Can the EU’s settlement exclusion push the U.S. to follow suit?

Every agreement the European Union signs with Israel as of 2014 will explicitly exclude all territories beyond the Green Line. The U.S. also doesn’t recognize Israel’s settlements, begging the question of why it doesn’t also take such measures.

The European Union will only enter cooperative agreements with Israel if it explicitly excludes the West Bank, East Jerusalem, Gaza Strip and Golan Heights, Haaretz‘s Barak Ravid reported Tuesday. This means all Israeli government institutions and groups across Israel’s pre-1967 borders (the Green Line) will be automatically disqualified from receiving grants, funding, prizes or scholarships from the EU. In other words, Israel will be forced to recognize in writing, upon entering agreements with the EU, that the West Bank and East Jerusalem are not part of the state.

According to the Guardian the EU guidelines:

…set out the territorial limitations under which the Commission will award EU support to Israeli entities … Concern has been expressed in Europe that Israeli entities in the occupied territories could benefit from EU support. The purpose of these guidelines is to make a distinction between the State of Israel and the occupied territories when it comes to EU support.

Prime Minister Netanyahu called a special discussion Tuesday evening with a few cabinet members and released a strong statement rejecting the move. “We will not accept any foreign dictates about our borders. This matter will only be determined through direct negotiations,” he said, adding that the EU should be more preoccupied with Syria and Iran.

But what borders exactly is he talking about? Israel’s borders are not clearly defined nor are they internationally recognized; neither in East Jerusalem and the Golan Heights, which have been annexed, nor in the West Bank, which has not. If Netanyahu wants to make statements about Israel’s borders, he must openly define them – which means coming to terms with annexation (something many in his Likud party and others further right have openly called for) or face withdrawal, which is what the EU is now starting to force him to do.

Earlier Tuesday, an Israeli official who spoke to Haaretz called it an “earthquake” and Israeli Deputy Foreign Minister Ze’ev Elkin not surprisingly condemned the move  as “a big mistake” that encourages Palestinians to avoid negotiations. According to The Jerusalem Post Housing Minister Uri Ariel called the move racist. “This is a decision marked with racism and discrimination against the Jewish People that is reminiscent of boycotts against Jews from over 66 years ago.” Settler leaders have responded by calling on the government to annex Area C the West Bank, and the Yesha Council (the settler political organization) has called on the state to ban all EU projects for Palestinians in Israel-controlled Area C. Meretz MK Zehava Gal-On insisted the move was not a boycott but rather a positive step that determines Israel’s borders, something the government has failed to do.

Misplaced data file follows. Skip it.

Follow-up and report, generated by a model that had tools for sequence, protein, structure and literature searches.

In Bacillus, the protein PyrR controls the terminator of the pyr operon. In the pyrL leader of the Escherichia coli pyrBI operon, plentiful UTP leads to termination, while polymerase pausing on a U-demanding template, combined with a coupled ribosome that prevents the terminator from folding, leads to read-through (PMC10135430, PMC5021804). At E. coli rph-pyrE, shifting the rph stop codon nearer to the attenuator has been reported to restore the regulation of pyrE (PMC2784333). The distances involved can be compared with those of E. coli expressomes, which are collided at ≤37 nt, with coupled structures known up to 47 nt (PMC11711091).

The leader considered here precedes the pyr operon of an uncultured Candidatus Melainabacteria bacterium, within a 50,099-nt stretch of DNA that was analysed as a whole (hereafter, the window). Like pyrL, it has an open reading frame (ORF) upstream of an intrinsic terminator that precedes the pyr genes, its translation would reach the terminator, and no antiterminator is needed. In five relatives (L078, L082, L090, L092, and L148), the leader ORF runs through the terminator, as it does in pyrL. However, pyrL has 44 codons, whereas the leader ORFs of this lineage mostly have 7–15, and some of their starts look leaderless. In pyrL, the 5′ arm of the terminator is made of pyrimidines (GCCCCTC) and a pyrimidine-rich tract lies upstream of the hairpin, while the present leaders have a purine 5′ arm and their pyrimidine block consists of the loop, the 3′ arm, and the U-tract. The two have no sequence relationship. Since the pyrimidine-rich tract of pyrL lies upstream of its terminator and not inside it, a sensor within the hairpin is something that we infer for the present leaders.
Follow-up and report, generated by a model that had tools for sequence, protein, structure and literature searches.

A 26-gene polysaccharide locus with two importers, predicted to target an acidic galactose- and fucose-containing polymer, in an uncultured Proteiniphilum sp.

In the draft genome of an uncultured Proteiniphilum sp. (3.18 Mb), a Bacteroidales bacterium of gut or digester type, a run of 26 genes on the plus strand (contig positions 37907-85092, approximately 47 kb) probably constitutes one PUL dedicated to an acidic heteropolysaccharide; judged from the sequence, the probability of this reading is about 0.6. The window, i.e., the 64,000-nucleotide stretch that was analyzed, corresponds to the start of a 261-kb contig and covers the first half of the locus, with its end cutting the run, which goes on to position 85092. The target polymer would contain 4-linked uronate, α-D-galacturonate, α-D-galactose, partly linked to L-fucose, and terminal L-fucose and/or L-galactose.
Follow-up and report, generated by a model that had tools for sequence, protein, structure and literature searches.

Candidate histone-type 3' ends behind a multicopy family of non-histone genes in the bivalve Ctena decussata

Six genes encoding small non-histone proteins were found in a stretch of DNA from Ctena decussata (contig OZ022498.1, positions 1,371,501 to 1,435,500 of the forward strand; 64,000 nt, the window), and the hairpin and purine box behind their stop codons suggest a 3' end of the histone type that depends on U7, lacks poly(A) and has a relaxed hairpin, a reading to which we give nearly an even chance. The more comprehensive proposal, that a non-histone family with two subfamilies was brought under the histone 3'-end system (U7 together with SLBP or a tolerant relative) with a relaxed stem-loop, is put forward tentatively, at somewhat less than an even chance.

+972 asked the U.S. Embassy spokesperson in Tel Aviv for its reaction to the move, but said it had no comment. According to Barak Ravid however, a U.S. official warned that should Secretary of State John Kerry’s efforts at restarting negotiations fail, it is likely the EU will take even more measures against Israeli settlements. In this sense, the anonymous U.S. official was implying that Israel would be blamed for the deadlock in peace talks as a result of its continued settlement project.

The move made top headlines in Israeli media Tuesday – both in English and Hebrew – presented as a major rift to Israel-EU relations and to Israel’s economy specifically. But it should be noted that in effect, all the EU is doing is implementing a decision that reflects its longstanding policy, according to which the settlements are not part of Israel and that they are an obstacle to the two-state solution.

This has also been the U.S. stated policy for decades, so it seems only natural that it would follow suit – it will therefore be interesting to see if and how it responds. After all, if it supports the EU decision, the major question will be why the U.S. is not doing the same; and if the U.S. condemns it, the major question will be why it is condemning a move that reflects its own policy.

Update (10 p.m., July 16):
The article was updated to add Prime Minister Netanyahu’s statement.

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